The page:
SS: I had been reading The Rambunctious Garden: Saving Nature in a Post-Wild World by Emma Marris, about people using bulldozers on the Platte River to preserve habitat. She talks about the fact that the romantic, Teddy Roosevelt-era idea of preserving nature in its pristine, pre-human state is outdated, and thwarts us from having a fuller relationship with nature. Her book puts forth the idea that we need to look forward and create this “rambunctious garden,” which is a hybrid of wild nature and intentional human management. This has to include actions like rewilding and assisted migration, on our garden planet tended by us. Reading the book, then making this film have convinced me that if we simply step back and let nature take its course, all that will be left are the highly adaptable, “weedy” species. Pigeons, rats, roaches. The raccoons and opossums in my backyard.
BDL: And the coyotes in mine. To play Devil’s Advocate, can’t the cranes just go someplace else?
OO: Possibly, although I’m not sure where. And by forcing them to change their history, we really are “making nature.”
SS: On the subject of playing God, we did encounter an attitude among farmers and ranchers that might arise from some religious background. Their idea of stewardship is that it’s somehow wrong to let the land lay fallow. This has a Protestant work ethic kind of ring, where all that matters is productivity. We met a farmer who was growing some organic cotton, without using pesticides. He apologized for the weeds in his field.
BDL: So, everybody loves the cranes. But the Humpback Chub, not so much, although those chopper shots [helicoptering the pearlescent fish into the Grand Canyon for release] are epic. Lots of sports fishermen consider the Chub no more than a bait fish, and even call it ugly. It’s funny, actually disturbing, how looks-ism enters into the preservation conversation. And, even though Prairie Dogs are so cute and squeaky and Instagram-ready, anyone who’s spent time in the West may doubt that they are in trouble.
SS: Okay, here’s the thing. People driving through Colorado see Prairie dogs on the highway medians, and figure that there’s no shortage of these animals. But that highway median may be all they have left! Their vast colonies are mostly gone. And here’s something else to chew on, so to speak, since nature is all about eating. There’s this beautiful little animal, highly endangered, that’s not in our film, called the Black-footed Ferret. It’s the only ferret native to the Americas, and it was thought to be extinct. It’s not, but it’s definitely in serious trouble. The primary reason for the endangered status is that the Black-footed Ferret needs to eat Prairie Dogs. It’s a highly specialized predator. Unlike seagulls or your friend the coyote, this animal hasn’t adapted to eating house cats and French fries. And their food source is vanishing. Now there’s a ferret school in South Dakota, where people are teaching ferrets how to be ferrets.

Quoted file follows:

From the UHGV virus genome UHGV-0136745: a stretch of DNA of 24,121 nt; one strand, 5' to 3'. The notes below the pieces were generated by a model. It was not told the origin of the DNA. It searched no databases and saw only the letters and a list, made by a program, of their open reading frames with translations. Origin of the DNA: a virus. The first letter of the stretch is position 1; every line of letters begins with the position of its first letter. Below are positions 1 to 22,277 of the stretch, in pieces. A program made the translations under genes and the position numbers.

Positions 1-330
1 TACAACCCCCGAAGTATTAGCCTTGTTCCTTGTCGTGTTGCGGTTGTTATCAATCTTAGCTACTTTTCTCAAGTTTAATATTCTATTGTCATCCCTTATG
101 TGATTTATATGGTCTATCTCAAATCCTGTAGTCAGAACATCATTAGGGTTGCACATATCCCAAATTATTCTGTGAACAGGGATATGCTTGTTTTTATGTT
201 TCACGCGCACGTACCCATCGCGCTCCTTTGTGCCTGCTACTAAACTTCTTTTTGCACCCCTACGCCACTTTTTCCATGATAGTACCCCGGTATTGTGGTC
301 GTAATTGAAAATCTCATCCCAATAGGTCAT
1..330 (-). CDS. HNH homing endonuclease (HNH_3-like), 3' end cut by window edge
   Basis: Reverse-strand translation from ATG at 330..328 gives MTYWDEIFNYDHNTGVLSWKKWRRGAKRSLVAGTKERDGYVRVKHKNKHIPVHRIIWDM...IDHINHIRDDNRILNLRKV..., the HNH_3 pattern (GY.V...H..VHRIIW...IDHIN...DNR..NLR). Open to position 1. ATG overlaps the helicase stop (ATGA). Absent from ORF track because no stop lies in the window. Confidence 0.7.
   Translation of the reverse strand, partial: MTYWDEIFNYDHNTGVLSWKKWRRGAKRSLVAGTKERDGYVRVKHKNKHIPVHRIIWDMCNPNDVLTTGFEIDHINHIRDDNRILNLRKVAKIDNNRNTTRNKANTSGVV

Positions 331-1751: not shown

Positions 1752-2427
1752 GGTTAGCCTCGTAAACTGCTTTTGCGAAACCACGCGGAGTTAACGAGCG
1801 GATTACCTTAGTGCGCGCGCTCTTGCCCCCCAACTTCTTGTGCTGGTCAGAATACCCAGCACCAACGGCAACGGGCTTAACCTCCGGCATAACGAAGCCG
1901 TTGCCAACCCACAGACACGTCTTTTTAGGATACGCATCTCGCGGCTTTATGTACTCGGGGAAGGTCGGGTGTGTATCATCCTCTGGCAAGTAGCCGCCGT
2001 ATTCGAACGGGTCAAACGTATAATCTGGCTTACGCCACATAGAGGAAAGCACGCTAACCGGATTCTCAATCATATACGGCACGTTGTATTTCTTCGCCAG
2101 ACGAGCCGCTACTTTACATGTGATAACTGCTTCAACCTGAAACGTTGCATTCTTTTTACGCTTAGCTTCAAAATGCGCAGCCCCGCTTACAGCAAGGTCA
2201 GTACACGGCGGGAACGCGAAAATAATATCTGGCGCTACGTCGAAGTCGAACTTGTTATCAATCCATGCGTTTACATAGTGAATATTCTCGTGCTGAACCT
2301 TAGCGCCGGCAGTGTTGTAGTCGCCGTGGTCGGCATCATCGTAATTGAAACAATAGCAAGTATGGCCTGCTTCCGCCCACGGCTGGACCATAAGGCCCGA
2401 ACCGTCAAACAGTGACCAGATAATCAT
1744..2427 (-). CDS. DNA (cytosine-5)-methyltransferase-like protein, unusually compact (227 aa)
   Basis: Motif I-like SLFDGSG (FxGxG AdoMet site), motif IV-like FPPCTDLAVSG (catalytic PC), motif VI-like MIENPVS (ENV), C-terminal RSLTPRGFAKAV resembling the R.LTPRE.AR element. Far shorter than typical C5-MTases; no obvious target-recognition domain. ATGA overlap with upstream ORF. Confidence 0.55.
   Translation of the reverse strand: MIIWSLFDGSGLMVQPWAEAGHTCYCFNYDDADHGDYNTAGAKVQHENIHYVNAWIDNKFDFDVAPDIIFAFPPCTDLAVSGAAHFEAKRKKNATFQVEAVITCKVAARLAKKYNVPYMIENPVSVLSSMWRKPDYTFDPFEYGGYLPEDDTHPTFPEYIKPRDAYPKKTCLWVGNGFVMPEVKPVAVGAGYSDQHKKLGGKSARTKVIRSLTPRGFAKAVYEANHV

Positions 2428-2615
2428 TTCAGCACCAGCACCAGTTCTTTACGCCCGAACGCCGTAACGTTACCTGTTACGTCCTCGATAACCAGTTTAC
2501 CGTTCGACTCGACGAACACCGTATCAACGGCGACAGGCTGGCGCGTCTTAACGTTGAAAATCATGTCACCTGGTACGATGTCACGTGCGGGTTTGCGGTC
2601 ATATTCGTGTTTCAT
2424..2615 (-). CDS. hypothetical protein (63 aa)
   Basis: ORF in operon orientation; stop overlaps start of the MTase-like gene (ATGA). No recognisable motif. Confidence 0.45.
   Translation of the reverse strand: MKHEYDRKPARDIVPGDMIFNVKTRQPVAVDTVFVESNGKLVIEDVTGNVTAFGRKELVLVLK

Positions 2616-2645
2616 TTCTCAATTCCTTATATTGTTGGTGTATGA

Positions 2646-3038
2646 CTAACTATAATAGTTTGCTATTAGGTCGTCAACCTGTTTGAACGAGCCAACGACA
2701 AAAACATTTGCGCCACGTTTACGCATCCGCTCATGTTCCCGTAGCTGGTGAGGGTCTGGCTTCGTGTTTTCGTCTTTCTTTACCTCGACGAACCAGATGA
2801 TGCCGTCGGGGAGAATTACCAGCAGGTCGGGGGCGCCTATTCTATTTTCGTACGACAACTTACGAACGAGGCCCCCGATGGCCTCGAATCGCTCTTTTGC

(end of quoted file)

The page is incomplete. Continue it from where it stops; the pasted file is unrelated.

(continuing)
OO: The Prairie dog is an important story because, for generations, ranchers have claimed that horses and cattle break their legs in the burrows. But there’s zero evidence to support this.
SS: We didn’t pick the stories based on the species of animal, anyway. Although it is true that some animals are more mediagenic than others. We sought out heroic conservationists and biologists who work tirelessly to repair and offset human damage. Like Lindsey Sterling Krank’s team digging new burrows for relocated Prairie dogs after removing them from unsafe areas. It’s backbreaking work, and sometimes heartbreaking work. But they do it. This reaffirms my belief that humans are a deeply moral species. That humans are ingenious, and can be a force for good. That’s why our film is quite short on gloom. We are optimists with our eyes wide open.
BDL: How did making this film change you?
SS: Spending three freezing days and nights on the banks of the Platte in a camouflaged hut, basically a duck-blind, filming the cranes as they danced is as close to a spiritual experience as I’ve ever had. I was giddy with excitement, even though I could no longer feel my fingers and toes.
OO: I no longer eradicate gophers and voles from our yard. And I leave the wasps alone, too. I let them build their beautiful paper nests, because I learned that wasps eat the insects that make the leaves of our citrus trees curl up.
SS: I have not thought about life the same way since.Newly streaming on Kanopy, Apple iTunes, Amazon and Google Play, The Nature Makers is a presentation of Scopix and Natural Allies, in association with Film Crash. The documentary scored several pre-release filmic honors, including Winner, Best Feature, Colorado Environmental Film Festival; and was selected by Wild & Scenic Film Festival, Santa Barbara International Film Festival, and Sonoma International Film Festival.